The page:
Malware campaign poses as Team Blue Take Action email

Beware malicious Word document designed to infect PCs with Emotet.

Graham Cluley
@gcluley

Security researchers at Proofpoint have warned of the latest disguise being used to distribute the notorious Emotet malware.

Thousands of emails have been spammed out to organisations across the United States, using the subject line “Team Blue Take Action”.

The message body of the email is harmless enough, in fact it’s lifted directly from a page on the Democratic National Committe’s own website:

Take Action

The way we win is by organizing. The place we start is right here. Explore our centralized hub for grassroots volunteer opportunities to take action on your own time.

You might remember Team Blue — the DNC’s 2018 volunteer recruitment program to help get people plugged into campaign and volunteer opportunities across the country. Since it was a huge success, we are relaunching it for the 2020 cycle!

We are relaunching Team Blue as the distributed organizing arm of the DNC! We have the same goal — making it easier for grassroots volunteers to get connected to meaningful volunteer opportunities. This is the best place for volunteers to find different opportunities to get involved to help elect Democrats up and down the ticket this year and next.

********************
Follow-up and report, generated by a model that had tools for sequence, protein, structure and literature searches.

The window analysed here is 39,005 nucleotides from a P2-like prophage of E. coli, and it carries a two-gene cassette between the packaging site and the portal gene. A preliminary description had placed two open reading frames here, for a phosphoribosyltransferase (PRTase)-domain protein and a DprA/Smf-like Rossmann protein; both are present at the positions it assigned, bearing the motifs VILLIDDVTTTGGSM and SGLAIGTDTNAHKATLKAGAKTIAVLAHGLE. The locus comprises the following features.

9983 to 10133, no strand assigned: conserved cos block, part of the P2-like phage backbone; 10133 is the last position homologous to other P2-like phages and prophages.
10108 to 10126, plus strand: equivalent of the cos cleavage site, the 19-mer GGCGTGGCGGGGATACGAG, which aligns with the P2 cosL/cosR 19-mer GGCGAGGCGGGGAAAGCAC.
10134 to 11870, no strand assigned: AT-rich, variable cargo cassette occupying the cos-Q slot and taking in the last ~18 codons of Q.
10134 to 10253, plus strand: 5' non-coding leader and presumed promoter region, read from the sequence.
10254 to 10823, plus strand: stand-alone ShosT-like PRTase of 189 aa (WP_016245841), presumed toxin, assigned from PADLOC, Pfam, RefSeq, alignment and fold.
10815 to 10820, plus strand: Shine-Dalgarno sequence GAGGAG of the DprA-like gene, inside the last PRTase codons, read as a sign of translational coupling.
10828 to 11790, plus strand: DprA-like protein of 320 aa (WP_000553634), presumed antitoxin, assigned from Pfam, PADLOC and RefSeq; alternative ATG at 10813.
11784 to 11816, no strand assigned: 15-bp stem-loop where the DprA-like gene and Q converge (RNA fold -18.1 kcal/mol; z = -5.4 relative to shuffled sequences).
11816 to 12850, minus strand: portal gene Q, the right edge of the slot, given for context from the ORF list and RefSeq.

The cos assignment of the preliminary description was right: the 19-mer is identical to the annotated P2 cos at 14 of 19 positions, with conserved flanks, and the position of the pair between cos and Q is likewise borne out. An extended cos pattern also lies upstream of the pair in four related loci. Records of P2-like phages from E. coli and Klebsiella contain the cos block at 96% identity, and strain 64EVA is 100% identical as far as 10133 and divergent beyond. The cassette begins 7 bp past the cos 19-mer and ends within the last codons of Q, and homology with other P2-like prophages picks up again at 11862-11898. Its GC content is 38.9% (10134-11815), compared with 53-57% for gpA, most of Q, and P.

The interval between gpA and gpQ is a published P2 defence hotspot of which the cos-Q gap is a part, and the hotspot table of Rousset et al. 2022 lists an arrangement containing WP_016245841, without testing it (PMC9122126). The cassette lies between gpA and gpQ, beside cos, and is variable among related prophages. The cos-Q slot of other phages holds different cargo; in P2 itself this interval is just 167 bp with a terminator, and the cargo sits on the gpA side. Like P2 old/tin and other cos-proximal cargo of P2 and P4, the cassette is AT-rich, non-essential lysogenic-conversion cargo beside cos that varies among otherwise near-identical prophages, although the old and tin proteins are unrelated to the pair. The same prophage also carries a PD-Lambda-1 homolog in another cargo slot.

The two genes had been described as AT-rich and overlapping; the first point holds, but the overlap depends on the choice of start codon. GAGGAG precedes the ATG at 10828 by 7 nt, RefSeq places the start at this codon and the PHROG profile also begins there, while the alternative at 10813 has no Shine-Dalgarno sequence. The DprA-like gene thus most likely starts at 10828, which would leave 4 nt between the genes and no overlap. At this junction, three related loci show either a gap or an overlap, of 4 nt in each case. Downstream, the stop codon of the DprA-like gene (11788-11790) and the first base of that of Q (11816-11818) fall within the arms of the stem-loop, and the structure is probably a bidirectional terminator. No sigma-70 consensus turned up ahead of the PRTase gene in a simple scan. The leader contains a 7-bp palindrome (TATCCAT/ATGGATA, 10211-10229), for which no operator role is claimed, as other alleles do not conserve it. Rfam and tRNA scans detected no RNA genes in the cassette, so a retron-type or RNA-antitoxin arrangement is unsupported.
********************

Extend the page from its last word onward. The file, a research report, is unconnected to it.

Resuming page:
Please open the attached document.

The threat lies in the attached Word document. If the email’s recipient opens the Word document and enabled macros then malicious code within will download and install the Emotet malware, which goes on to download further malware onto infected PCs.

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According to Proofpoint, additional subject lines seen in the email malware campaign include:

  • Valanters 2020
  • Detailed information
  • List of works
  • Volunteer
  • Information

Filenames attached to the malicious emails include:

  • Team Blue Take Action.doc
  • List of works.doc
  • Valanters 2020.doc
  • Detailed information.doc
  • Volunteer.doc

Keep your anti-virus software up-to-date and your PCs patched, always be wary of unsolicited email attachments, and never enable macros in a Word document unless you are absolutely convinced it is legitimate.

No doubt in the next few weeks we will see even more cybercriminals try to take advantage of the US Presidential election with different lures and tactics. Be on your guard.

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Graham Cluley is a veteran of the anti-virus industry having worked for a number of security companies since the early 1990s when he wrote the first ever version of Dr Solomon's Anti-Virus Toolkit for Windows. Now an independent security analyst, he regularly makes media appearances and is an international public speaker on the topic of computer security, hackers, and online privacy. Follow him on Twitter at @gcluley, or drop him an email.

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